Teaching-to-Learn: Its Effects on Conceptual Knowledge Learning in University Students

Teaching-to-Learn: Its Effects on Conceptual Knowledge Learning in University Students

Melissa McConnell Rogers
DOI: 10.4018/IJITLHE.289863
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Students report poor learning goals and study strategies. Educators may encourage better learning by requiring students to complete assessments that promote generative learning. The benefits of engaging in generative processes suggest encouraging them through teaching-to-learn assignments may be helpful. There is little research examining the benefits of teaching-to-learn conducted as part of a classroom curriculum with appropriate control conditions. The current study examines the benefits of teaching-to-learn on conceptual knowledge learning by requiring 53 students to prepare and deliver a lecture in one unit and write a paper in another unit. Students then answered questions covering their lecture and paper topics on both a unit and surprise final exam. Analyses on exams revealed students answered a greater percentage of the questions about their lecture topic correctly (84.91% and 76.23%) than their paper topic (76.98% and 67.92%) on both the unit and final exam respectively.
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When students decide how to study, they may choose from a variety of study strategies with varying degrees of effectiveness (Dunlosky et al., 2013; McConnell Rogers, 2020). Some strategies encourage students to use deep processing as they study the material. When processing material deeply, students use elaborative rehearsal strategies that encourage students to manipulate the material and think about the meaning of the material (Craik 2002). These strategies tend to lead to better long-term retention and greater conceptual knowledge than more shallow strategies (Bartoszewski & Gurung, 2015; Koster & Vermunt, 2020; VanZile-Tamsen & Livingston, 1999). When students use shallow strategies, like highlighting, they tend to focus on memorization rather than understanding the material. These shallow strategies require the students to minimally process the material and result in minimal gains in test performance (Dunlosky et al., 2013).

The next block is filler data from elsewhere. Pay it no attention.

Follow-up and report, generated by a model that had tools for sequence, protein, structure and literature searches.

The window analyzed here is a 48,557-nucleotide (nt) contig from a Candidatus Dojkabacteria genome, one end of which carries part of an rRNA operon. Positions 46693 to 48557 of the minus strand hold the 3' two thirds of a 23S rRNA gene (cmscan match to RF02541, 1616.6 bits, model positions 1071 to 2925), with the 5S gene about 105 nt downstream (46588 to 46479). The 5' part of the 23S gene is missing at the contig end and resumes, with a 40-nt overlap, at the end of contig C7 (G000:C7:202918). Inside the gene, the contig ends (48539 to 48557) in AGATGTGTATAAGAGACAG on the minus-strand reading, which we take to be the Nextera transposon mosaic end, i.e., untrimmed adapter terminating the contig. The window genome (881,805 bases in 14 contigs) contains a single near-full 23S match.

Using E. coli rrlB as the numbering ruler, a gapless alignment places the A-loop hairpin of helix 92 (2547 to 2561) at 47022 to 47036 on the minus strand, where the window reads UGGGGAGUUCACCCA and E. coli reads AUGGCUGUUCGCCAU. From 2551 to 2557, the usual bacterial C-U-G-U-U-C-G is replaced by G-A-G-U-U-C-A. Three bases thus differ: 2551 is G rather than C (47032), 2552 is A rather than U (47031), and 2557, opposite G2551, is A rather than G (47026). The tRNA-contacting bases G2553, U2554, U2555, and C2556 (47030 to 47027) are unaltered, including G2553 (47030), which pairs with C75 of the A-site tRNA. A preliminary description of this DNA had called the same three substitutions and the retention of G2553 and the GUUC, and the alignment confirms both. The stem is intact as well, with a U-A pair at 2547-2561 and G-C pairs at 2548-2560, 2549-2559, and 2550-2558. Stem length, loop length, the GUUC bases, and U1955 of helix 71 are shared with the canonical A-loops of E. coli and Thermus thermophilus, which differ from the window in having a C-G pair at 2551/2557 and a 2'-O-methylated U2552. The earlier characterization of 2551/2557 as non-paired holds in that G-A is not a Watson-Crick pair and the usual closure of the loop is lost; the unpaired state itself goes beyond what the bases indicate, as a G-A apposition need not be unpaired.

When students study material they often create a learning goal (Nelson & Narons, 1990). For example, a student’s goal may be to memorize the material, or it may be to understand it. Unfortunately, often student’s goals focus more on memorization, which typically results in minimal performance (Bartoszewski & Gurung, 2015; Dunlosky et al., 2013). Educators may promote better learning using assessments that encourage students to monitor their learning and focus on understanding important concepts. For example, when learners engage in assessments such as collaborative testing (LoGiudice et al., 2015), writing-to-learn (Gingerich et al., 2014), and knowledge-in-use assignments (Harris et al., 2019) they typically show better performance on classroom exams. Mayer’s (2014) Select-Organize-Integrate model of generative learning provides a helpful guide for thinking about learning and how to develop assessments that might promote it. According to this model, the most important aspect of successful learning is how students make sense of new learning. As students engage in generative learning they must select relevant content, organize the selected material, and integrate it into existing knowledge (Fiorella & Mayer, 2016; Mayer 2014). The benefits of engaging in these generative processes suggest encouraging them through course assignments should benefit student learning and requiring students to engage in teaching-to-learn may be particularly helpful.

Typically, when students engage in teaching-to-learn practices they receive the role of teacher tasked with teaching academic content to other students. Educators have many options for incorporating teaching-to-learn into their courses, such as using peer tutors, providing peers feedback on assessments, using students as co-teachers, and requiring students to develop educational materials (Duran 2017). Previous studies support the benefits of teaching-to-learn. Students who engage in reciprocal peer tutoring perform better on exams (Dioso-Henson, 2012; Peets et al., 2009; Roscoe & Chi, 2007), participants who prepare a lecture perform better on a surprise memory test than participants who do not (Annis, 1983; Fiorella & Kuhlmann, 2020; Fiorella & Mayer, 2013; Muis et al., 2016), and participants who teach a lecture perform better on a surprise test than participants who do not (Annis, 1983; Fiorella & Mayer 2013). A recent review of 28 studies with Japanese students confirmed the benefit of teaching-to-learn and suggests students may benefit from teaching in multiple educational and cultural settings (Kobayashi, 2019b).

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